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Neck Related Headaches and Osteopathic Care

woman with headache

What causes headaches?

Many things can cause headaches – postural problems, substances and medications, stress, vascular conditions and more

The most common causes of headache are

  • tension/stress/insomnia
  • migraine conditions
  • problems with the neck which cause muscular or neural compression
  • eye strain
  • repetitive poor postures
  • trauma

What is a cervicogenic headache?

Most people have never heard their headache or neck pain referred to as a cervicogenic headache (cervical headache, neck related headache, referred pain from the neck) but sometimes assume that they have migraines or cluster headaches. The term cervicogenic is used to describe pain in the head that originates in the spine, neck and upper shoulders.  This type of pain can be the result of whiplash, muscle trauma or neck injury from severe stress, poor posture or an accident.  Even working at a computer can trigger this type of head pain.

Diagnosis of headaches can be quite complicated as many symptoms overlap and they are not the same for everyone.  Cervicogenic headaches present differently in individuals; some are very severe and painful while others are minor annoyances.  Sometimes the pain is present in the head while others experience pain behind the eyes.  Pain often begins at the base of the neck then spreads upward and often (but not always) to both sides of the head. This is because the nerves responsible for the pain run along the inside of the skull from the base of the head, along the sides, and to the eye area.  The intensity varies and pain fluctuates from mild to medium to severe.  Cervicogenic headaches can be made worse by head or neck movement and the eye area is often tender.  Neck related headaches can sometimes be trickier to diagnose, however, as those who have headaches can sometimes have more than one type of headache.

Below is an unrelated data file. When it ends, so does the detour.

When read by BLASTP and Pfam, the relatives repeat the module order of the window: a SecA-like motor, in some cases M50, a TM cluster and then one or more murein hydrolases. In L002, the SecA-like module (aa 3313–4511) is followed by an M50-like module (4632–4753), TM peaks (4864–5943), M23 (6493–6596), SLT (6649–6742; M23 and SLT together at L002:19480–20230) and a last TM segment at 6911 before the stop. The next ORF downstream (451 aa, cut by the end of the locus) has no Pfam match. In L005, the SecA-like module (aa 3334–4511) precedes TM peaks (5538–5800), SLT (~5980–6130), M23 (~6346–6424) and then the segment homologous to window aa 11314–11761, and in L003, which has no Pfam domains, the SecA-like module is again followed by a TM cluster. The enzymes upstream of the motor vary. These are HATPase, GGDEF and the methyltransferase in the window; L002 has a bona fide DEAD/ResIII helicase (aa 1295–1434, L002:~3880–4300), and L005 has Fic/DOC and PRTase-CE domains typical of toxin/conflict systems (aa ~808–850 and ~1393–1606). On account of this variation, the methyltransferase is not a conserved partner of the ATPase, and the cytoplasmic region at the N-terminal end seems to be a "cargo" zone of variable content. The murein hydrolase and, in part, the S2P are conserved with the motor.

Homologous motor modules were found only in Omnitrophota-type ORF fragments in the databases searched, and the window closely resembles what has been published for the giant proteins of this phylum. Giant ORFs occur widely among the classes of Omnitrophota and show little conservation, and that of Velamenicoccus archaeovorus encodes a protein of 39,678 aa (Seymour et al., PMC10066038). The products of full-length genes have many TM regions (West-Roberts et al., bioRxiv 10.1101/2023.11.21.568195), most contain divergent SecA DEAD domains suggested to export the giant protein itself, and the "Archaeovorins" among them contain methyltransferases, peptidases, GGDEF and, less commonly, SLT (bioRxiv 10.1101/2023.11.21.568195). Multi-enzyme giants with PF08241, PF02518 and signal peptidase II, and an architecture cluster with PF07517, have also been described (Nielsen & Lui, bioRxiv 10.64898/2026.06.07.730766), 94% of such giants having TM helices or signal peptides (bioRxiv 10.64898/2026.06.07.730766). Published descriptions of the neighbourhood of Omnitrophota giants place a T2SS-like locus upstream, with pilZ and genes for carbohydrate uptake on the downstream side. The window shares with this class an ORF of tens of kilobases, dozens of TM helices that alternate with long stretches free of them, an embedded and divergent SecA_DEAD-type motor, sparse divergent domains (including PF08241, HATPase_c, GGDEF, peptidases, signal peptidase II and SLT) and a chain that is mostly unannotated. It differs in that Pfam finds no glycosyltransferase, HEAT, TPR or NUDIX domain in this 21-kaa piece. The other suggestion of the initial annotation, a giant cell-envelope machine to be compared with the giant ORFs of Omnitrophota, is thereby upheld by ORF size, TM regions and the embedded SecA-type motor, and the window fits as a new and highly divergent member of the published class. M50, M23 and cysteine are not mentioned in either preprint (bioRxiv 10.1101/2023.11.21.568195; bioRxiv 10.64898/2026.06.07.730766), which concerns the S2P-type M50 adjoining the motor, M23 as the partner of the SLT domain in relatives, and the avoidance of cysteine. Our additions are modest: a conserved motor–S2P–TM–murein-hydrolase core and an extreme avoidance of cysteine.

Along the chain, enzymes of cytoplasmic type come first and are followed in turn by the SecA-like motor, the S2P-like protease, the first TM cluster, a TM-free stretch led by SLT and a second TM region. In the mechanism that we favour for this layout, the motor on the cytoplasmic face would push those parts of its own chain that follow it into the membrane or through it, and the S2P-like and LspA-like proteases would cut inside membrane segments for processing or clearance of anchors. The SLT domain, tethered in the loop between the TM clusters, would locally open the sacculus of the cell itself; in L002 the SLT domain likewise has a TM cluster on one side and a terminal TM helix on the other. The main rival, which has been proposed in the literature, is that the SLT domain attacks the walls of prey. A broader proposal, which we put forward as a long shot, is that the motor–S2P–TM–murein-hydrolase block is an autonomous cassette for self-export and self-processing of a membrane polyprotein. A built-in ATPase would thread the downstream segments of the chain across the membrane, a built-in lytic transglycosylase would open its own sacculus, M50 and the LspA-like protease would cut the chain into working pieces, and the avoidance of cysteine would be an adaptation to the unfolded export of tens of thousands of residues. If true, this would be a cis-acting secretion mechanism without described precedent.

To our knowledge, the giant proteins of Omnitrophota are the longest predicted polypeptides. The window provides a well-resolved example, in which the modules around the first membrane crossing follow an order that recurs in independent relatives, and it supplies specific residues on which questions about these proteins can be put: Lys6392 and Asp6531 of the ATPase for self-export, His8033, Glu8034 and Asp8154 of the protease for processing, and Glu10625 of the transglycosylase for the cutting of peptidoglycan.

Long term, a large number of sufferers experience total relief, and more than half of the rest find the pain and frequency reduced.  Often, postural adjustments can help reduce your chances of getting persistent headaches.

How can these headaches be treated?

If you frequently get a headache, neck pain or both you need not suffer – gentle treatment is available.  Treatment for this type of headache and neck pain includes stopping or decreasing contributing activity, manual therapy such as osteopathic treatment, certain exercises and relaxation techniques.  Treatment for headaches often includes sports massage to the muscles of the head and neck, gentle mobilisations of the neck and shoulder joints, and special neuromuscular techniques applied to the head, neck and face.  Gentle neural stretching, seating and sleeping posture adjustments and occasionally taping techniques may be used.

A few patients may require steroid injections or other medication.

NICE guidelines for the health services recently published information on how chronic over use of headache medicine can actually cause headaches.  If you frequently get a headache, neck pain or both you may get fast relief by seeking osteopathic care.

Having Low Back Pain?

Same day appointments often available. Book in online or by calling 020 3143 3163 Cash and credit cards accepted.

I woke up pain free for the first time in twenty two years. No headache or stiffness in my neck. I can move my left arm freely and I feel great. You have made such a difference to my pain. Thank you so much. I feel like there can be a future without pain killers. You are an angel.

Almas Whitton

CAUTION If you get a sudden severe headache with nausea, vomiting, memory loss, concentration problems, drowsiness, high fever and neck stiffness, continuous visual disturbances, difficulty communicating or difficulty controlling or feeling any part of your body you should contact a GP immediately or go directly to A&E.